• ‘Then, on impulse, she kissed him, finally giving way to the feelings she had hidden for so many months.’
      • ‘And to give way to this impulse (submit to this discipline) is to experience a peculiar pleasure.’
      succumb, yield, give in, submit, surrender, fall victim
      be replaced by, be succeeded by, be followed by, be superseded by, be supplanted by, be ousted by
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  • 2Allow someone or something to be or go first.

    ‘give way to traffic coming from the right’
    • ‘Traffic emerging from Bradford should then give way, which all except left-hand drive vehicles can do readily without having a problem.’
    • ‘A couple of years ago you could always rely on a lorry driver to give way and allow you to pass.’
    • ‘There is a certain amount of smug satisfaction to be gained from having greater access than the numerous Mercedes and BMWs which are forced to give way in the leafy lanes.’
    • ‘It is not clear who has priority and who has to give way.’
    • ‘I constantly witness individuals exchanging obscenities because neither wishes to pull over and give way.’
    • ‘Police were also filming at intersections where they had received complaints from pedestrians worried about cars not giving way.’
    • ‘Whereupon I checked my rearview mirror to make sure traffic was giving way, and saw our director hurtling towards me at 60 mph.’
    • ‘Something is required on Oak Lane where drivers - you know who you are - coming from North Park Road pull straight out instead of giving way, as they should according to the sign.’
    • ‘Cars waiting to turn right on to Carleton Road from Skipton hold all the outgoing traffic up as cars coming into Skipton won't give way on a green light.’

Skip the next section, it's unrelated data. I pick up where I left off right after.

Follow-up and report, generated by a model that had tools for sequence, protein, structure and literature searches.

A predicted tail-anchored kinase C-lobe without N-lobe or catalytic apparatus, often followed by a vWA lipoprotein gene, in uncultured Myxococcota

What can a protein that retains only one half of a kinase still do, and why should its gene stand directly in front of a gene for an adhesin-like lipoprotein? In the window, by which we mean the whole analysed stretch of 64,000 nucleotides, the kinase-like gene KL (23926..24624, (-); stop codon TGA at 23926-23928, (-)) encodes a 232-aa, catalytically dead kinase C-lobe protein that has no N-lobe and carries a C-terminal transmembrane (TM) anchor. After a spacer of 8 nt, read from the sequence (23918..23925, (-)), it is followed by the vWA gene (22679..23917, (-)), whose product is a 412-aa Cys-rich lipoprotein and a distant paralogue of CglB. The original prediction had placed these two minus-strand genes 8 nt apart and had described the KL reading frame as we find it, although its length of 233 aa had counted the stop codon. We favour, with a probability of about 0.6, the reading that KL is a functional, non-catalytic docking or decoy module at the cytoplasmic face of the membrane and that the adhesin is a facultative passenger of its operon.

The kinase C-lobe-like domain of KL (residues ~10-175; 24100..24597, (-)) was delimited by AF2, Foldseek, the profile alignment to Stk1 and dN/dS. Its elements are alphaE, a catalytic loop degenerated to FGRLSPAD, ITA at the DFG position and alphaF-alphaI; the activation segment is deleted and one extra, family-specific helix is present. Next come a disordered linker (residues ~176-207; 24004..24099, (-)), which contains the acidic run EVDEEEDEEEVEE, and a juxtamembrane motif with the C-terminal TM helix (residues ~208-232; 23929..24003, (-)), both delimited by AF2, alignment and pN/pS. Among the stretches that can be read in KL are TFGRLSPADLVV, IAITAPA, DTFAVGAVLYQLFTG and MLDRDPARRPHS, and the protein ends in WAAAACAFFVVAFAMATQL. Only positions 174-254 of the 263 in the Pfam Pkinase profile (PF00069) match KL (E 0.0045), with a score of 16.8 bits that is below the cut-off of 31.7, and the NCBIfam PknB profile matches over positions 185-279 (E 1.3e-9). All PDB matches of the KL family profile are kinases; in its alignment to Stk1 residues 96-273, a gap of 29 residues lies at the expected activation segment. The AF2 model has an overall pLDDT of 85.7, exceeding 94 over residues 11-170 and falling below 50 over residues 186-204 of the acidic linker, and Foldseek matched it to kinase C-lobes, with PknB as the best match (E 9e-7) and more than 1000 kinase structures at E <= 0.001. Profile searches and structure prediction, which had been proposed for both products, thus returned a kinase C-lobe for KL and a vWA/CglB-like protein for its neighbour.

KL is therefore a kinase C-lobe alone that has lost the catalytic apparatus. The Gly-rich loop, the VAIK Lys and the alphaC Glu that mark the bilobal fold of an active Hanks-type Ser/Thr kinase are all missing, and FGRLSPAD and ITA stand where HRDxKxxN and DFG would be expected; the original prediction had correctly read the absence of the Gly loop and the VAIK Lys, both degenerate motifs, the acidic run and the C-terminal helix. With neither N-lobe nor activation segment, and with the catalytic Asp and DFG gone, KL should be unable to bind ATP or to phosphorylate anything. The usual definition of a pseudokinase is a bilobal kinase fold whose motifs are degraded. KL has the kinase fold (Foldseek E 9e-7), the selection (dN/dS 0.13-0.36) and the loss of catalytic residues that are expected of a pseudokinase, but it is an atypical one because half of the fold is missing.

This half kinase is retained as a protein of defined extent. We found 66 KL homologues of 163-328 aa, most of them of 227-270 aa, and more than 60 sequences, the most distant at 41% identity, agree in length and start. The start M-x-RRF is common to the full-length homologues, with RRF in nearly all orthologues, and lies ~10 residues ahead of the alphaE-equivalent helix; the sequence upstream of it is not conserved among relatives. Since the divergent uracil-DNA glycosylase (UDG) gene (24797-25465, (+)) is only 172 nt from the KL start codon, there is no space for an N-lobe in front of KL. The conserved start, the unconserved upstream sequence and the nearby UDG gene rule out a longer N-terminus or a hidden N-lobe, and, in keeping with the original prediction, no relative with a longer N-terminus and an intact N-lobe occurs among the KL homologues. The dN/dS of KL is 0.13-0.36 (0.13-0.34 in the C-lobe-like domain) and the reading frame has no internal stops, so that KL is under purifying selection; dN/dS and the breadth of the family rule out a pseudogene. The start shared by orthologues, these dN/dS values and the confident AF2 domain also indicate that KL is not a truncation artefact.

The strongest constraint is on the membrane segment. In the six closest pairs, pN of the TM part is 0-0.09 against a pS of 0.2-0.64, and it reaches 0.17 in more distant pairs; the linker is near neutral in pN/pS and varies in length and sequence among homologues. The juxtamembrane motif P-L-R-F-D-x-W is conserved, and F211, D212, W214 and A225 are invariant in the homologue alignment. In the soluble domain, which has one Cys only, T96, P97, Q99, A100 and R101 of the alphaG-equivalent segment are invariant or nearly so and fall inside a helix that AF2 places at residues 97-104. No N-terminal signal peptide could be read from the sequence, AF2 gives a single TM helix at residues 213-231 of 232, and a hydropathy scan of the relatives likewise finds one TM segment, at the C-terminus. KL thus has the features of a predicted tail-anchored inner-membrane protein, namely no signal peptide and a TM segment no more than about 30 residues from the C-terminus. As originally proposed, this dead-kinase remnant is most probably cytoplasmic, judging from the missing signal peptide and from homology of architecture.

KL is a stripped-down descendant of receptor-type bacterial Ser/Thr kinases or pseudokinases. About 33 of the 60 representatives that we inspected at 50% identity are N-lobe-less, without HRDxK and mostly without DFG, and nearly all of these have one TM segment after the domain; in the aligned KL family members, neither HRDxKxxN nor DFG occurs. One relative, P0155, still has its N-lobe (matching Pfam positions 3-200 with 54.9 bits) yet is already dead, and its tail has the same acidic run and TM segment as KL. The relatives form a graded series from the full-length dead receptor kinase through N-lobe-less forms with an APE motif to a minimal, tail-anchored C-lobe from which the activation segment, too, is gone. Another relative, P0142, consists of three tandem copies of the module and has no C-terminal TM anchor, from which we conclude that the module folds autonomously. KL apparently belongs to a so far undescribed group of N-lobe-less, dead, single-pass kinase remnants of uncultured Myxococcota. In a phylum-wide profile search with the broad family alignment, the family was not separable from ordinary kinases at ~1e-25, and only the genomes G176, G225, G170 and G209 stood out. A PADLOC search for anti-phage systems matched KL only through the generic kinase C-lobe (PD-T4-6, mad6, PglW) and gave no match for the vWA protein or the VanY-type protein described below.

• ‘Traffic lights were green with a sign indicating that traffic making a left turn should give way.’
    • ‘Indeed the new roundabout appeared to be working much better than the one at Circular Road/Killala Road where motorists still stop when they should go and go when they should stop and give way.’
    1. 2.1give way to Be replaced or superseded by.
      ‘Alan's discomfort gave way to anger’
      • ‘This nettles her at first and gradually the anger and irritation give way to a secret longing for him to look at her.’
      • ‘They say it is a sign of health when depression gives way to anger.’
      • ‘The darkness surrendered to light, midnight blue giving way to resplendent golds and luminous pinks.’
      • ‘The politics of consensus and conciliation gave way to the politics of confrontation and intrigue.’
      • ‘Eventually the eucalyptus and green fields of the valley bottom give way again to the lush sub-tropical rainforest that grows on the surrounding sandstone escarpments.’
      • ‘As we waited, annoyed discontent began to give way to barely controllable rage.’
      • ‘Calm, however, is gradually giving way to more negative emotions.’
      • ‘His intuition that public life is indeed intellectually diminished gives way to a humble acceptance of the world as it is.’
      • ‘It is distressing to see the impulse for integration give way to calls for segregation.’
      • ‘The meadow was now giving way to slender trees and spreading bushes.’
      • ‘Unfortunately, as old houses and small lanes give way to skyscrapers, ancient trees have been chopped down.’